Maune posted 2/26/2012:
I had been itching to try and break the FKT (as far as is known on this site) for a couple months now but repeatedly kept postponing an attempt because of the weather. I was tired of canceling attempts and decided to do it this past Thursday even though there were forecasts for 30-35 mph wind gusts for the summit plateau. Surprisingly, the winds were nonexistent all day…
Based on recent training data and an analysis of the route I had a target time of 1:30, but this did not include any penalty for the altitude. I assumed such a penalty would not exceed five minutes and so thought I had a comfortable margin to break Anton’s time. I started running at 6:35AM from the street signs and ran at a steady pace and reached the creek at Bear Flats in 20:03, 3 seconds behind my projection. Then I was upon the beginning of the steep and relentless 4000 ft climb and was forced to power walk up the steep switchbacks. I didn’t remember the trail ever being so steep! I reached the saddle at ~7450 ft in 48:08, 2:08 behind the projections (though the projection assumed the saddle to be at 7400 ft). I did not expect to already be 2 minutes behind my target splits at this point. Two minutes was already a significant fraction of my 7 minute margin. This was a bad omen. I forged ahead up the second steep portion and eventually reached the upper ridge, but there was some ambiguity as to where Anton’s split was taken. I reached the point where the trail winds around to the SE facing side of the ridge at 1:13 but I think Anton’s split is taken a bit past this. Where the ridge levels off is somewhat ambiguous but my guess is that I reached it around 1:14-1:14:15. Using the latter times, I now had less than a 2 minute buffer left and I knew I was steadily losing ground. I expected Anton to have a relative advantage as I ascended due to the altitude and his better acclimatization, but I was hoping to avoid the situation in which I found myself. I was in serious jeopardy of falling behind during the final summit plateau segment and I knew every second would count. So I pushed as hard as I could all the way to the summit and hoped I could hang on long enough. I ran as much as I could but frequently had to power hike steeper sections. As I approached the saddle between Baldy and its sister summit to the SW I saw what I thought was the summit of Baldy and was delighted when I thought I would reach it in 1:34:xx. As I approached, however, the true summit came into view and I was horrified when I mentally estimated that it would take at least another two minutes to reach the summit. This is essentially the nightmare scenario for an FKT mountain ascent attempt--push hard all the way and get close to the summit with little margin for error, and at the very end be surprised by a false summit and come up just short. I had already been going quite hard ever since gaining the summit ridge and was in serious distress by this point, but I kicked it up another notch anyway. Even though I could see the end and the final approach to the summit was not that steep, I was not able to run the full stretch—such was the effect of the altitude. After about 15 seconds of walking I made a final surge towards the summit for the last minute or so. When I was about 10 steps away from the plaque I noticed blackness starting to form at the periphery of my vision. By the time I reached the plaque, the blackness spread inward and consumed most of my vision. Fortunately I could still see a small region around the center—wherever I focused--and so was able to read the time on the watch (1:36:44) before controllably collapsing on the ground. For me this was anything but an exceedingly casual effort. I gasped for what seemed like an eternity for air and eventually recovered. I lay on the ground for about three minutes before standing. I then consumed a gel and started walking from the summit after about a total time of 3:55. Since I nearly blacked-out, I was in no mood initially to run on the descent. After a couple minutes I began to jog and gradually picked up speed as I descended. I didn’t start bombing the descent until about halfway down. I had no specific goal for the descent or the roundtrip time but when I got to Bear Flats and checked my watch for the first time I was surprised to see that I was probably not going to break 2:30. I never thought doing sub 2:30 roundtrip was going to be a problem, but I didn’t expect the ascent to take as long as it did and I definitely didn’t expect to spend four minutes on the summit. Despite my best efforts I finished in 2:30:34.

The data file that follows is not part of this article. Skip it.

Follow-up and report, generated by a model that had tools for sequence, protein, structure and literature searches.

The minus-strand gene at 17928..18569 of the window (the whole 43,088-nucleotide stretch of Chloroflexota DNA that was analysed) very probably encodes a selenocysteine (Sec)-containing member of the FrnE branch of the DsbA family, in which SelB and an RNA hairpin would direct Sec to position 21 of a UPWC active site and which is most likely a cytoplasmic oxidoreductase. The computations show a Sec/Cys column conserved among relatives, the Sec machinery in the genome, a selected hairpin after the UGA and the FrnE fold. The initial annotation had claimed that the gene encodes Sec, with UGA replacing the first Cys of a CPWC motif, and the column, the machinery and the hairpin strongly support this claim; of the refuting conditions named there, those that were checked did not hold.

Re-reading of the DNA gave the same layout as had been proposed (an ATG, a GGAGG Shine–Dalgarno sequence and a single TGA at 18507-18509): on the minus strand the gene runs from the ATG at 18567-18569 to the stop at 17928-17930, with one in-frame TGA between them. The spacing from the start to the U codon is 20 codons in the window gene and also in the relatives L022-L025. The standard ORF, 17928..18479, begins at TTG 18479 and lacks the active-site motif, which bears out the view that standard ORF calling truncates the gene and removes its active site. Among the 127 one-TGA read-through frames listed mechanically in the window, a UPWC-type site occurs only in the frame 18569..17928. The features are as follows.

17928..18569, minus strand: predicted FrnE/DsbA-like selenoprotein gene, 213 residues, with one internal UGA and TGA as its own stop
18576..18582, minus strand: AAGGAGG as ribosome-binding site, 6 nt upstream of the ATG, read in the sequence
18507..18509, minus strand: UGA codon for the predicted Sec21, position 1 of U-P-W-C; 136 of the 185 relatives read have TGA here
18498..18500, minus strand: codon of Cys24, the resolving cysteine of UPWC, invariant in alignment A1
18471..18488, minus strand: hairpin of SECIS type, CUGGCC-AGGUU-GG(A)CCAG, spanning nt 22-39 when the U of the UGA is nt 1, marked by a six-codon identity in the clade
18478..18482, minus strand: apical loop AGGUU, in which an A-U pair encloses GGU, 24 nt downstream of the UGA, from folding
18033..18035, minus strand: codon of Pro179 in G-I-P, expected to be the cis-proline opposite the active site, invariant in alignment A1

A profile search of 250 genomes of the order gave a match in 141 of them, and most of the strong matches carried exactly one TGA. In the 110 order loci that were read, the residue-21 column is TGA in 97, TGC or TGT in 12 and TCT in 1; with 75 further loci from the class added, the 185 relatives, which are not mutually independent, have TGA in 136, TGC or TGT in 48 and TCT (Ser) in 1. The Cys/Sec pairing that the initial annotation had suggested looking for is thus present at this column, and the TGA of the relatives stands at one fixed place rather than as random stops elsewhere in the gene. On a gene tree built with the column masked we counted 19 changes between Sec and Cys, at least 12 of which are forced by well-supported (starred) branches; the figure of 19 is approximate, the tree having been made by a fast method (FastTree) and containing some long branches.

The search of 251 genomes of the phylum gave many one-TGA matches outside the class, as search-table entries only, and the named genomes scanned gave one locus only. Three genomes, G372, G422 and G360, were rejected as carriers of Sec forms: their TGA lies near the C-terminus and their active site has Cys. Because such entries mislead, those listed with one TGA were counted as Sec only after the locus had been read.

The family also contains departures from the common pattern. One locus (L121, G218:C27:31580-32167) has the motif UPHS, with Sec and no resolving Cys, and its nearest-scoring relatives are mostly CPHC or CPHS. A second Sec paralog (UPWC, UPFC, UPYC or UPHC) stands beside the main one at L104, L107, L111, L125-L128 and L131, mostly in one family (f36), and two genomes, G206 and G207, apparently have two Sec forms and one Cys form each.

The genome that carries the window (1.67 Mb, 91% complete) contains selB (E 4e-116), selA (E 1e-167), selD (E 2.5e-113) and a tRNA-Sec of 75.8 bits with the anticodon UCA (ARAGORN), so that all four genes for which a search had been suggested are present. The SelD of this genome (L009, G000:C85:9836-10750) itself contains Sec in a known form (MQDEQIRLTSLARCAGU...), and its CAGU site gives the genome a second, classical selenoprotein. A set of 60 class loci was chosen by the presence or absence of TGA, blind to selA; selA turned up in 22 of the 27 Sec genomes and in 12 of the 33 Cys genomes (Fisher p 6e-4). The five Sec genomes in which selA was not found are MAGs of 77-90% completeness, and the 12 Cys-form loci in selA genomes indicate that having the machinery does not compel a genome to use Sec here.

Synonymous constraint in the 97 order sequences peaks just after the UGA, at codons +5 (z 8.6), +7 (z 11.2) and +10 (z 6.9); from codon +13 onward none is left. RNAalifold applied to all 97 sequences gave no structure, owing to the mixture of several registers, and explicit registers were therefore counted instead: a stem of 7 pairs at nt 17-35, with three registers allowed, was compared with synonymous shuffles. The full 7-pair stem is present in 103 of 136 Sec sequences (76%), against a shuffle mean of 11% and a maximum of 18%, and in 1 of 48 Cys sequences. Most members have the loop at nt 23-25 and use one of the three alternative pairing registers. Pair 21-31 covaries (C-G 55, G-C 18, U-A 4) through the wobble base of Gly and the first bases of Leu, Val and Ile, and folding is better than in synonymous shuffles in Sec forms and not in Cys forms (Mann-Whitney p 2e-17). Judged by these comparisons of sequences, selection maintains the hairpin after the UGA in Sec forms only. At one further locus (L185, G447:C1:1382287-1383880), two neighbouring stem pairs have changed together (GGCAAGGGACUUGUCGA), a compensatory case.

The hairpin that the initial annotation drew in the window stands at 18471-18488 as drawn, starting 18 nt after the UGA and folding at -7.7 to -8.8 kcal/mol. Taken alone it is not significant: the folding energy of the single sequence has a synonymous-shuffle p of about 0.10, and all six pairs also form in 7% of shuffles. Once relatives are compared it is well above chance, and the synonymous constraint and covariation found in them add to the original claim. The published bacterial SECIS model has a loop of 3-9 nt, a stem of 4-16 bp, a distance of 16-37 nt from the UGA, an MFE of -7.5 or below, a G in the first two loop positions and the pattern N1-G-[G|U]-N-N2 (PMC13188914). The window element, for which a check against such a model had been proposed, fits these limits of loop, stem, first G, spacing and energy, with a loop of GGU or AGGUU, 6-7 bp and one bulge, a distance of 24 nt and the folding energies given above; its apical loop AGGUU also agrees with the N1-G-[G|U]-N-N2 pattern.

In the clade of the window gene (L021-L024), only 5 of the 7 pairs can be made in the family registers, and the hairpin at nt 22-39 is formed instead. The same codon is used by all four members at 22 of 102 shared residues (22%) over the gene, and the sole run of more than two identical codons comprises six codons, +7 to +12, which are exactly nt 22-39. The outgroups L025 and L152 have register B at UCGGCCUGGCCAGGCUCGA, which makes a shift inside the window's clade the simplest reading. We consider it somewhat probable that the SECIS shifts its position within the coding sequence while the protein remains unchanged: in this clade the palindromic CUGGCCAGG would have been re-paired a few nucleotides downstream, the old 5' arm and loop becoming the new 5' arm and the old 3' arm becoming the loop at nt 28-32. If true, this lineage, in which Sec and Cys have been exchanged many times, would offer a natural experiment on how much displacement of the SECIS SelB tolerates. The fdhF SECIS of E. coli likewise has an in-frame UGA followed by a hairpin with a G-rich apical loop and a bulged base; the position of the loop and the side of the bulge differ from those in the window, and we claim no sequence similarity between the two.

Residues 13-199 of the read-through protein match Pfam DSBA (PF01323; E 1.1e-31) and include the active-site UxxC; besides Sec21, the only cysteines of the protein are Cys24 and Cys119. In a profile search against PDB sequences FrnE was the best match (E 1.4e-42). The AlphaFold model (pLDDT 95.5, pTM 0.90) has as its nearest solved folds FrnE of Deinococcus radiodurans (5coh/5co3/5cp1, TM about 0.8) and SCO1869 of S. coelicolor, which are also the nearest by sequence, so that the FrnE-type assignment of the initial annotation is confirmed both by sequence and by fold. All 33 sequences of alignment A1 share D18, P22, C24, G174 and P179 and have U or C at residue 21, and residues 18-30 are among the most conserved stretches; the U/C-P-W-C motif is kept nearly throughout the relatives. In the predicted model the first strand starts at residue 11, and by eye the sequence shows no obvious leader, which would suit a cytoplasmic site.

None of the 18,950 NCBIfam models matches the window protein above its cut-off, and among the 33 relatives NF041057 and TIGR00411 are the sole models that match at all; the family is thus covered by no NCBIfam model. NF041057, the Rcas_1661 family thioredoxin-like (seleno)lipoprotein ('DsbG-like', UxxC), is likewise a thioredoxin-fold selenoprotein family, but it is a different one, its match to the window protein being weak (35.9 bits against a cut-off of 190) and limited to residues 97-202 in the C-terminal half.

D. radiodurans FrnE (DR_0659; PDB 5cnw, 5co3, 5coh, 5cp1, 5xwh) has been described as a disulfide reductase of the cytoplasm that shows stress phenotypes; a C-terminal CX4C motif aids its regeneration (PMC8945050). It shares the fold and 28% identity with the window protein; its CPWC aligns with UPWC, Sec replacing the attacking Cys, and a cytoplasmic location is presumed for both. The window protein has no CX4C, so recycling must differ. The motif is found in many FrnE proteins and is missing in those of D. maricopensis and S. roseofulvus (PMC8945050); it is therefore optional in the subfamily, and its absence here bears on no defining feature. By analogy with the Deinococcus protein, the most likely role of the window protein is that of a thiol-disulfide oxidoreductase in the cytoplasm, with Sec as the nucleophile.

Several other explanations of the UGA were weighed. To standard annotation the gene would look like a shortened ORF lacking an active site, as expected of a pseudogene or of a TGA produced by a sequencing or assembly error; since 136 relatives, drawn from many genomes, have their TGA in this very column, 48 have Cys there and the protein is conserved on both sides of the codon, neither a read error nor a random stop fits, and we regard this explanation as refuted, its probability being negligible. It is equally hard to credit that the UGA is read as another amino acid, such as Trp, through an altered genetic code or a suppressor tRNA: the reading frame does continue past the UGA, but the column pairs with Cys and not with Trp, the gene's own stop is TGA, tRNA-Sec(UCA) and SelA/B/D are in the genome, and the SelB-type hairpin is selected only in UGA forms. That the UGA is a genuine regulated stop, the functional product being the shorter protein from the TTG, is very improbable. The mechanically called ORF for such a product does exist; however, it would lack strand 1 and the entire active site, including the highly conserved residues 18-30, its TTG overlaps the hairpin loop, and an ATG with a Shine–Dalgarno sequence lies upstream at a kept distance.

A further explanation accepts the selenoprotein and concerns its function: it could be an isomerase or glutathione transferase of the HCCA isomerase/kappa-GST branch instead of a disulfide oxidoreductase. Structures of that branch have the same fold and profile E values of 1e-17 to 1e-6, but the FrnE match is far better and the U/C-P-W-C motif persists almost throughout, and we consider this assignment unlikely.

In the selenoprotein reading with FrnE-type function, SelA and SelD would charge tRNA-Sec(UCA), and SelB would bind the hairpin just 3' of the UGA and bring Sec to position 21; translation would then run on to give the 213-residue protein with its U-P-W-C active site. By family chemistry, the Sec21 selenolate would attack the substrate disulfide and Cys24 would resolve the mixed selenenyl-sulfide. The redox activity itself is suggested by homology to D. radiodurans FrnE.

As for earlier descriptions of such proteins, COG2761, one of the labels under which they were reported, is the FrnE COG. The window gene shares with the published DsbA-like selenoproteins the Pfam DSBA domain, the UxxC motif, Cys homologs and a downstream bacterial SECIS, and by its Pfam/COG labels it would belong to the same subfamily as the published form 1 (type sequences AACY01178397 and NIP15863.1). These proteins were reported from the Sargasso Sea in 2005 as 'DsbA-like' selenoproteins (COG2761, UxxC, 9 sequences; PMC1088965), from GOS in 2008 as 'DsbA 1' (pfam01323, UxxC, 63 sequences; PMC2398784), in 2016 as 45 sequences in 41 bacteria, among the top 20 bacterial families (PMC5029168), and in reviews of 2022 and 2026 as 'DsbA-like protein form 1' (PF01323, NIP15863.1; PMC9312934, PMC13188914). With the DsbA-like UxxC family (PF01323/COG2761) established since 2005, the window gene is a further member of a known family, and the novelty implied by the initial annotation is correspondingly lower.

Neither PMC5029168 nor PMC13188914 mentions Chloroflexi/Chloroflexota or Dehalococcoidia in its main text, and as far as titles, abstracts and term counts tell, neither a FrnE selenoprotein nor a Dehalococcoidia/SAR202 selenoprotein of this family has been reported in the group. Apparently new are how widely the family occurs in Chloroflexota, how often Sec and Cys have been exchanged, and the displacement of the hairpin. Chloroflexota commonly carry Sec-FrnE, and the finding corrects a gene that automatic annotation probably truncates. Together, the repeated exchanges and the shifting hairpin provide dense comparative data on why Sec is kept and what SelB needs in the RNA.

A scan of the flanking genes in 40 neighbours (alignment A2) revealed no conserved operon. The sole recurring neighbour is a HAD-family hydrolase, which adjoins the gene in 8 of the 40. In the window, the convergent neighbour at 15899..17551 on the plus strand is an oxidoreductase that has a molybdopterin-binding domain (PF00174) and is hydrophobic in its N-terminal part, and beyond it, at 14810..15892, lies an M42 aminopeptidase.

Based on my training data and analysis of the route, I thought I had a comfortable margin but in the end only beat Anton’s time by 38 seconds. I’m glad he stopped to stash his t-shirt! I hope he will give it another shot and I hope to as well, but with more red blood cells.
Bear Flat 20:03
Saddle at ~7450ft 48:08
Where trail wraps around SE side 1:13/where trail flattens out ~1:14-1:14:15
A couple weeks later Maune posted this:
I just learned of a phenomenal ascent time by a coworker who requested to remain anonymous. Apparently he did the ascent starting from the road in ~1:26! Personally I think this is a borderline legendary performance. I don’t know how feasible it is for someone to match this time without being near/at the top of some sport. The few [professional] athletes who could break this time would likely be famous for what they do. A bit more background I know is that my coworker was on the US national cycling team in the 80’s, though he did this run several years after that point in his life and ~20-25 years ago.
He also did the Iron Mountain ascent in ~1:36(!) (he’s less sure of that precise time), and started the clock at the parking lot (which would add ~3 min compared to starting it at the trail). This is arguably even more impressive than the Baldy time.
Lastly, although he never did the San Jacinto Skyline ascent, I can’t help but speculate that he would have done it sub 2:15 or possibly even 2:10 had he tried.
I wonder how many more fast/er/est Unknown times there are…